34. 34. Question 3 -continuation • PE: temp-normal, BP- 148/90 mm Hg, HR- 82/min. Estimated CVP is 4 cm H2O. There is a sustained apical impulse. S1 is normal. There is a single S2 and an S4 but no S3. A grade 3/6 late-peaking systolic murmur is heard best at the right second intercostal space, with radiation into the right carotid artery. Carotid artery upstrokes are delayed. Lungs are clear. • TTE shows concentric LVH and normal systolic function. There is a trileaflet aortic valve with heavy calcification. Aortic jet velocity is 4.8 m/s, peak transaortic gradient is 92 mm Hg, and valve area is 0.7 cm2.
  35. 35. Question 3- continuation Which of the following is the best management option? A. Aortic balloon valvuloplasty B. Aortic valve replacement C.Discontinue hydrochlorothiazide and begin furosemide D.Clinical follow-up in 1 year
  36. 36. Answer: • Correct answer: B- in severe, symptomatic aortic stenosis, AVR improves long-term survival and quality of life.
  37. 37. Effective treatments for severe AS. 1. Surgical replacement of the aortic valve 2. Transcatheter aortic valve replacement (TAVR)
  38. 38. ACC/AHA 2008 Indications for Aortic Valve Replacement (AVR) Class I 1. symptomatic patients with severe AS. 2. patients with severe AS undergoing CABG or surgery on the aorta or other heart valves. 3. patients with severe AS and LV systolic dysfunction (EF < 0.50)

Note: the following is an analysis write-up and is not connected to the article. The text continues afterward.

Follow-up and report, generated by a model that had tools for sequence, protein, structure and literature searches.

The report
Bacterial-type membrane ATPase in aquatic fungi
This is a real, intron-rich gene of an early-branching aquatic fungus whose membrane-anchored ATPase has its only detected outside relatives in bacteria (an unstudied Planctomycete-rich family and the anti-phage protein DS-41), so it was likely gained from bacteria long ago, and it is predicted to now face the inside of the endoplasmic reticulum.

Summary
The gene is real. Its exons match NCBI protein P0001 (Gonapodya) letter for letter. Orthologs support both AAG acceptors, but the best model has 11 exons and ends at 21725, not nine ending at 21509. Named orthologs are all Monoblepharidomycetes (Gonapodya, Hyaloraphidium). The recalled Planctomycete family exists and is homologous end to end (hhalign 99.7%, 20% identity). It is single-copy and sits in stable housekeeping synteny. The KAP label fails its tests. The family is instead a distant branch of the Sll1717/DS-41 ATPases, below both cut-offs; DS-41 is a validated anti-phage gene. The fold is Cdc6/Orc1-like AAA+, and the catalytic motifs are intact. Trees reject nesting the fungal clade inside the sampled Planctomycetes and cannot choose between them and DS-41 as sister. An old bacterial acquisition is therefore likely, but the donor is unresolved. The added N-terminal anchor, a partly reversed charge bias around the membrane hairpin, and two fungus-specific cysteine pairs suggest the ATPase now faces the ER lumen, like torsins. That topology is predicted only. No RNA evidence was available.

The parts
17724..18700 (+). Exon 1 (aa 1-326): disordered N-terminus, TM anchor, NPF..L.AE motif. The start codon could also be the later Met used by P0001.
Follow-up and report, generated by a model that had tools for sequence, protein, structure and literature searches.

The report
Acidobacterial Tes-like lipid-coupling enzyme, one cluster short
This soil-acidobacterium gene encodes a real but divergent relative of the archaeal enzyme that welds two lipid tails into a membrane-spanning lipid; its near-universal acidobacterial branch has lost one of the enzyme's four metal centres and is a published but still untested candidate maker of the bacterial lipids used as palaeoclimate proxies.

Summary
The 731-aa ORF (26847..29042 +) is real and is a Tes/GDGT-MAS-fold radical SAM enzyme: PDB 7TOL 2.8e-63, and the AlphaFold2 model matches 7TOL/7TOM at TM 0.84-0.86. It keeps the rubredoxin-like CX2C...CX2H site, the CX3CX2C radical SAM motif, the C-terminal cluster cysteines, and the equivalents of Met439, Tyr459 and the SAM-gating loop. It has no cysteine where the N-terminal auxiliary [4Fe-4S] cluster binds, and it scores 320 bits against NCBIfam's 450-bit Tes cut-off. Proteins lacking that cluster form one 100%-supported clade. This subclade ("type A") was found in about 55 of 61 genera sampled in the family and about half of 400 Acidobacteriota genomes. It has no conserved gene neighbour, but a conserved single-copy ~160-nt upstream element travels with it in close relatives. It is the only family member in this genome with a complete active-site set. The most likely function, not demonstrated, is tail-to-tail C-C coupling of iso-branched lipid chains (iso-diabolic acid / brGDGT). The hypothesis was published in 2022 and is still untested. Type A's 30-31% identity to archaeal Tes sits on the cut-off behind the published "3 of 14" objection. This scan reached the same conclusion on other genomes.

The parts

39. 39. ACC/AHA 2008-Aortic Balloon Valvotomy Class IIb 1. reasonable as a bridge to surgery in hemodynamically unstable adult patients with AS who are at high risk for AVR 2. reasonable for palliation in adult patients with AS in whom AVR cannot be performed because of serious comorbidities Class III –NOT recommended as an alternative to AVR in adult patients with AS; pregnancy may be an exception
  40. 40. Transcatheter aortic valve replacement (TAVR) • has been developed for treatment of patients with severe symptomatic AS • who have an unacceptably high estimated surgical risk • due to technical issues with surgery (eg, a porcelain aorta or prior mediastinal radiation, prior pericardiectomy with dense adhesions or prior sternal infection with complex reconstruction, or a patent left internal mammary graft lying beneath the sternum)
  41. 41. 2012 American College of Cardiology Foundation/American Association for Thoracic Surgery Calcific aortic valve stenosis with the following echocardiographic criteria: 1. Severely calcified valve leaflets with reduced systolic motion AND 2. Mean gradient >40 mm Hg or jet velocity >4.0 m/s OR 3. Aortic valve area of <1.0 cm2 or indexed effective orifice area <0.5 cm2/m2
  42. 42. Management strategy for patients with severe aortic stenosis.Preoperative coronary angiography should be performed routinely as determined by age, symptoms, and coronary risk factors. 2006 WRITING COMMITTEE MEMBERS et al. Circulation 2008;118:e523-e661Copyright © American Heart Association
  43. 43. THANK YOU! References: 1. John Hopkins Internal Medicine board review 2. MKSAP 15 3. www.uptodate 4. ACC/AHA guideline 2008- 2006 WRITING COMMITTEE MEMBERS et al. Circulation 2008;118:e523-e661